PINE RIDGE, S.D.— Political life has been tense for Cecelia Fire Thunder since a little over a year ago, when she defeated Russell Means to become the top leader of the Oglala Sioux tribe, often remembered for its male leaders of long ago, men like Crazy Horse and Red Cloud.
Mr. Means, an American Indian activist and actor, challenged Ms. Fire Thunder's election in a federal lawsuit. Months later came the calls from some tribe members for her impeachment, amid complaints she had unilaterally made questionable financial choices and ignored the wishes of respected elders.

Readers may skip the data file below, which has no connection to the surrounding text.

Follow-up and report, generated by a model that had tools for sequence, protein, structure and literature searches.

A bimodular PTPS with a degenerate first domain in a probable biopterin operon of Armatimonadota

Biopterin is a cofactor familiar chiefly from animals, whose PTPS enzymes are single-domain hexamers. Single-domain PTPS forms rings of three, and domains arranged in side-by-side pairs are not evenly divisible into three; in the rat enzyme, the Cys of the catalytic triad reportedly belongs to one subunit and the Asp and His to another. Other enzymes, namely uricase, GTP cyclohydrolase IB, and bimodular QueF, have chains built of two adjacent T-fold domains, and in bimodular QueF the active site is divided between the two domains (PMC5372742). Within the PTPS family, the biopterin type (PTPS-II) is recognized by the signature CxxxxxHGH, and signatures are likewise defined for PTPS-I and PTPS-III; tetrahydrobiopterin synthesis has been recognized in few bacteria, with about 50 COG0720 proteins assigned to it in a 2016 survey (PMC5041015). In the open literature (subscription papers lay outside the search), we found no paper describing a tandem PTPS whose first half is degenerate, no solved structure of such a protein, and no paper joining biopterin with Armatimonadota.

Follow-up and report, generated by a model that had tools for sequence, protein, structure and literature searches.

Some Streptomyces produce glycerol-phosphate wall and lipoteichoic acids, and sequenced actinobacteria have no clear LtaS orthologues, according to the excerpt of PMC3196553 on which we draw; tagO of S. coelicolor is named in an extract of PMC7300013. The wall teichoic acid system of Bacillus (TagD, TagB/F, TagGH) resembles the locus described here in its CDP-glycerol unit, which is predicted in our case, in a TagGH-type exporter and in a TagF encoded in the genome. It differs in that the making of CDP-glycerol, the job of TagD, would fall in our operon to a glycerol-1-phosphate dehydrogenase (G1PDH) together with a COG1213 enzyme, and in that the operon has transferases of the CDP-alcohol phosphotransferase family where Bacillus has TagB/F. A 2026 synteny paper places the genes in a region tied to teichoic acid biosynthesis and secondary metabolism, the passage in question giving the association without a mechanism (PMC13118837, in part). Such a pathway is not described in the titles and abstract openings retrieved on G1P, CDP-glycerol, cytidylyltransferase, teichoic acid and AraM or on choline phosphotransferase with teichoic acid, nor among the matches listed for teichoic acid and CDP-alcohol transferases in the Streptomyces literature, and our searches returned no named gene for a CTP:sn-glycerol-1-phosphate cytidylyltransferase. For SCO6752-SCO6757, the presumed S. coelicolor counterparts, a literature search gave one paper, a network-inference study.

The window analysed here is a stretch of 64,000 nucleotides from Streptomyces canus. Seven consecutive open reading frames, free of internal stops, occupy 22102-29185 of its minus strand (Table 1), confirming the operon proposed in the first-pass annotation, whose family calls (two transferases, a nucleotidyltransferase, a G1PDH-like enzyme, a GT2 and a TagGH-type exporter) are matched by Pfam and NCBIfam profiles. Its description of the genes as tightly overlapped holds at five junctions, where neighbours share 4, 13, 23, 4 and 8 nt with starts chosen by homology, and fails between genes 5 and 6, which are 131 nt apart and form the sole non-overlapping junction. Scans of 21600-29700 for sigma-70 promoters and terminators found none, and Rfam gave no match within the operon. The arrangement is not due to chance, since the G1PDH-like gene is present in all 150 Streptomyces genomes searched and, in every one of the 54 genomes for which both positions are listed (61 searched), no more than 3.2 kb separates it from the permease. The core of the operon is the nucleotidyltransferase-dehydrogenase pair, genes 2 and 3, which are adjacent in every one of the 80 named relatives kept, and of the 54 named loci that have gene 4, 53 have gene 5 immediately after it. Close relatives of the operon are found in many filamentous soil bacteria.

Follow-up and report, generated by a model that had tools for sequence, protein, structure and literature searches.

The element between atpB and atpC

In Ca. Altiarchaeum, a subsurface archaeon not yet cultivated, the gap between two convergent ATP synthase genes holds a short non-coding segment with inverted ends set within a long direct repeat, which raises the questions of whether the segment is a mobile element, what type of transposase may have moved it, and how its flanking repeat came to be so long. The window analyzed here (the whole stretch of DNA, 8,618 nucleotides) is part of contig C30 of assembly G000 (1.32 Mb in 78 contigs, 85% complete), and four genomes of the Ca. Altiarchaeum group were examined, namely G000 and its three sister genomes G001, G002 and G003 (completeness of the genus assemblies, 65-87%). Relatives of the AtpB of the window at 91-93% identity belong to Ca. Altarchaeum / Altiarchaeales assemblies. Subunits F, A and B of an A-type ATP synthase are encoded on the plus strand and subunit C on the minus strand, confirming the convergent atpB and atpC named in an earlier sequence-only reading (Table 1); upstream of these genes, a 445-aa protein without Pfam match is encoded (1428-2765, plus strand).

The Tribal Council voted in December to drop the impeachment complaint and keep Ms. Fire Thunder, but by then she and many of her supporters had come to believe that her sex was really at the root of so much turmoil. Though some disagree with Ms. Fire Thunder's assertion of bias, she stands as an illustration of the shifting role American Indian women are playing in tribal governments.
Ms. Fire Thunder is the first woman to be elected president here on Pine Ridge, the country's second largest reservation in land area, and one of a growing group of women Indian leaders. Since 1999, at least 11 leaders, including Ms. Fire Thunder, have become the first women elected to the top post on their tribes' governing councils.